CRCC drop-in center offers trafficking survivors safe, quiet place
For survivors of human trafficking, the need for community support and simple respite from their ongoing trauma is both urgent and virtually unlimited.
After more than a year of planning and overseeing the build-out of a former KeyBank branch at 10450 Superior Ave. on the southwest corner of East 105th Street in Glenville, Cleveland Rape Crisis Center (CRCC) opened the Human Trafficking Drop-in Center on April 1, the first day of Sexual Assault Awareness Month.
CRCC designed a warm, colorful, non-institutional space for survivors of sex trafficking who have endured a difficult, abusive life under the control of a pimp. One of the first survivors to enter the new 4,715-square-foot center confirmed CRCC’s goals when she exclaimed, “This feels like home!”
Northeast Ohio had long needed this facility because it has a large number of sex trafficking survivors, many of whom are CRCC clients. According to the Polaris Project and others who track trafficking statistics, Ohio has ranked as high as fifth in the nation among all states in total reported human trafficking cases.
Since founding its human trafficking services four years ago, CRCC has answered more than 700 calls on its Human Trafficking Hotline (855-431-7827) and provided crisis intervention counseling and justice system advocacy to more than 1,200 people.
“We want people to know that this is a safe, welcoming space for them to come regardless of whether they are at the beginning part of leaving trafficking or they have already exited and need the extra support,” said Teresa Stafford, chief program officer for CRCC. “They can come here no matter where they are in their healing process, and they can keep coming back anytime.”
The drop-in center’s opening is supported by a mix of private and public funding, including a $100,000 grant from the Billie Howland Steffee Family Fund of the Cleveland Foundation to continue the late Mrs. Steffee’s legacy of being a fierce advocate for human trafficking survivors. CRCC will also receive $630,000 over three years from the U.S. Department of Justice Office of Victims of Crime. As a condition of the OVC grant, CRCC is required to raise an additional 25%, or $160,000, from other sources as a “cash match” to support the project.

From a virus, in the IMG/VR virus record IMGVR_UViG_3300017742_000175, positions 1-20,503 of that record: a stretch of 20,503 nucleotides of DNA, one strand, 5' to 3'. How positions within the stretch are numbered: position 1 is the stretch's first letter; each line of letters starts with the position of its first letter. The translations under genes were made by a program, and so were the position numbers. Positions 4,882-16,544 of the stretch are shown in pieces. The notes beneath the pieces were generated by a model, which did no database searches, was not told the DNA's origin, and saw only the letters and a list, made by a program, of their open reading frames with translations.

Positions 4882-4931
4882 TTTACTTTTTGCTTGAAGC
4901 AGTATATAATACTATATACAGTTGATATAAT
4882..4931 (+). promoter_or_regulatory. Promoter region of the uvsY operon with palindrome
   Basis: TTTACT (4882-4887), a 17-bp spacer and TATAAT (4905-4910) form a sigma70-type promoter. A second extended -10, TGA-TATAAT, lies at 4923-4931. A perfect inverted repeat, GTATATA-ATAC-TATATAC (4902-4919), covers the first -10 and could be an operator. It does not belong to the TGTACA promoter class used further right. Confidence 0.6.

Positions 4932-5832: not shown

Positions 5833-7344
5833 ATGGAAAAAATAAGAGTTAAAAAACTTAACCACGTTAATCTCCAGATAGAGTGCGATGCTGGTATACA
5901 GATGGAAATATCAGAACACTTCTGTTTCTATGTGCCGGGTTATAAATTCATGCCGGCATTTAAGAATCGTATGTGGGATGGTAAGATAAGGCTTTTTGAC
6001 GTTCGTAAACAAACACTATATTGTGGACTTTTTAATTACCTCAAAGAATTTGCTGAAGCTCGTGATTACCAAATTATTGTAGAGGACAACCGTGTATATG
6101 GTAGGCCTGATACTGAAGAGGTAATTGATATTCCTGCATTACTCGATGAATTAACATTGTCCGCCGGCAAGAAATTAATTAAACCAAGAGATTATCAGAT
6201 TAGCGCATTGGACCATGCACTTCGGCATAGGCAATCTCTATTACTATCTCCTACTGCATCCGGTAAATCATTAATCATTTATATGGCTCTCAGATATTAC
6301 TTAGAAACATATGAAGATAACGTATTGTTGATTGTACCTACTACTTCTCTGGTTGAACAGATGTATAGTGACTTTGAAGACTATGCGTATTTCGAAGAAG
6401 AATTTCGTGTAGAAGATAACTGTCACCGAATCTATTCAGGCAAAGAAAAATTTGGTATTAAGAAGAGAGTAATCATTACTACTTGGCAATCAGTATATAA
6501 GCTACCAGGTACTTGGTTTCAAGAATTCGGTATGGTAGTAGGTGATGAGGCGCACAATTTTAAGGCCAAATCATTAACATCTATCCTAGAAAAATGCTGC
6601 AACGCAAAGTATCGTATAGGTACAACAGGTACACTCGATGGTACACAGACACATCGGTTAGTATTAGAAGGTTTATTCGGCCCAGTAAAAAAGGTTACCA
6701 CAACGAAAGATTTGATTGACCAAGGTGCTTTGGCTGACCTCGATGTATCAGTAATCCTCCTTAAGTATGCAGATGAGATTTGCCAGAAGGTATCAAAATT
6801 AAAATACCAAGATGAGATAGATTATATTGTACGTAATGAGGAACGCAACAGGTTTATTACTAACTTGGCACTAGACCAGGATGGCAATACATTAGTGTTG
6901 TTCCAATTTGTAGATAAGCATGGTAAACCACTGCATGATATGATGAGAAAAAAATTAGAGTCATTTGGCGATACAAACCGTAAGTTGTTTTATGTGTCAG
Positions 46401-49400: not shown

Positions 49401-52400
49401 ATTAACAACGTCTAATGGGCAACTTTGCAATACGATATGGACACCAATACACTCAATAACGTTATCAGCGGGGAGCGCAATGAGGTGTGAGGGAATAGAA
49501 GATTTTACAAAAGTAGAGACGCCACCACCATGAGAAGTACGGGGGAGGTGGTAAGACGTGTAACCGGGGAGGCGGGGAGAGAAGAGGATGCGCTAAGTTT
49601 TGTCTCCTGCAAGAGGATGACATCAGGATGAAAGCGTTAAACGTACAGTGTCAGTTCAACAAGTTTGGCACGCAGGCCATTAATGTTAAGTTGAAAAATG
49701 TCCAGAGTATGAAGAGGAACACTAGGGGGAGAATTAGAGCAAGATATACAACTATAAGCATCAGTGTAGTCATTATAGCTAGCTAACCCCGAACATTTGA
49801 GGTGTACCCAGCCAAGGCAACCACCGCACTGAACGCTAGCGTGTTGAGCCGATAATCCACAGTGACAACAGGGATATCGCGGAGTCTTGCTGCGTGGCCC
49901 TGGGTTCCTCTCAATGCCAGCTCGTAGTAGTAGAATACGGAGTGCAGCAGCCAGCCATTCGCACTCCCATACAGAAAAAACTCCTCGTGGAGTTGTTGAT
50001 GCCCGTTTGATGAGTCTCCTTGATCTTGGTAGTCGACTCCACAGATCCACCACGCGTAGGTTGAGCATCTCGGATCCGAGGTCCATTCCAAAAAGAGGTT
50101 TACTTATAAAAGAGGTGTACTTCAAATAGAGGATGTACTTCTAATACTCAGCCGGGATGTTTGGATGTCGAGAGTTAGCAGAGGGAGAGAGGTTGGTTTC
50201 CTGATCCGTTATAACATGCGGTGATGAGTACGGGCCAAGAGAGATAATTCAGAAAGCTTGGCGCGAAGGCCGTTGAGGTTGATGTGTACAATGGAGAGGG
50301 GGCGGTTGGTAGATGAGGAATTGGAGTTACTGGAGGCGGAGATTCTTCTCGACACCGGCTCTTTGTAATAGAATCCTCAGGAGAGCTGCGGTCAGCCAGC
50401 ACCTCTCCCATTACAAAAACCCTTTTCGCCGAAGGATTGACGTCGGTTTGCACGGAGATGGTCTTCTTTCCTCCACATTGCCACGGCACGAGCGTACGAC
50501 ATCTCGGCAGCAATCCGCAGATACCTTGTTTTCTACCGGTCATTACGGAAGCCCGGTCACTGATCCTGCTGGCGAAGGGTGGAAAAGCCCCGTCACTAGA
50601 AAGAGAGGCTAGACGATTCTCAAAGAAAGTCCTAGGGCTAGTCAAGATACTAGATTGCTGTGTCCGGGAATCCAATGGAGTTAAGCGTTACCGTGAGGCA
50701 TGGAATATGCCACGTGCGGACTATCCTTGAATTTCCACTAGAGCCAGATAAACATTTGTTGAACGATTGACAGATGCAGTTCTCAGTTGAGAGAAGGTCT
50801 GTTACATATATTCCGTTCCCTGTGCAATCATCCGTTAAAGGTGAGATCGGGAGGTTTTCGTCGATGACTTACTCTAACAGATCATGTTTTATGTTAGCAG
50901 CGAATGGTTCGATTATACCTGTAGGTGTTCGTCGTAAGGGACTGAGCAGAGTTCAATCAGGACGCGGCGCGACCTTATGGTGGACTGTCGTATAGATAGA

Aware of the need to find additional, ongoing funding, Ward 10 City Councilman Kevin Conwell and his wife Yvonne, Cuyahoga County Councilwoman for District 7, have scheduled a luncheon with stakeholders at the center on Friday, April 16 to assist the CRCC’s fundraising efforts.
“We are very excited to have this center as a safety net for our community,” Kevin said. “Yvonne and I plan to support them by addressing whatever resources the center needs.”
Last December, Cuyahoga County awarded CRCC a $300,000 grant using federal CARES Act funding. The grant was allocated to expenses and revenue loss directly attributed to the Covid-19 pandemic.
CRCC found the busy and burgeoning 105th Street corridor location ideal because it offers guests easy access to routes on two major GCRTA bus lines and is close to University Circle and several community partners who are directly involved at the drop-in facility, including the Cleveland Clinic Foundation and University Hospitals and Rainbow Babies and Children’s Hospital.
Customized programming components
Although CRCC has created an extensive class list and programming that will be available and has therapists and counselors there every day, the ultimate attraction of the drop-in center is that survivors have the freedom to relax in a safe, peaceful place.
“Sometimes when survivors get social services, there are all of these stipulations put on them: ‘You must attend seven sessions of this workshop,’” Stafford said. “Here, they can come in and talk with a counselor or access a variety of services or classes, if they like, or they can just sit on the couch, have coffee, eat popcorn and watch TV.”
The center will offer classes on a variety of topics, including addiction, coping with trauma, financial literacy, healthy relationships, job readiness, wholeness and self-esteem. There will also be social groups for Black women and survivors who identify with the LGBTQIA community.
Additionally, students from nearby Case Western Reserve University School of Law and members of Equity, Ohio will visit regularly to provide legal advice and programming related to obtaining expungement of their legal records – which can prevent survivors from getting jobs, renting or leasing houses and purchasing homes or cars – how to pull a credit report and other legal questions.
Providence House will furnish programming for parents, and RAHAB Ministries from Akron will provide mentoring services for minors who have been trafficked through the county Safe Harbor Docket.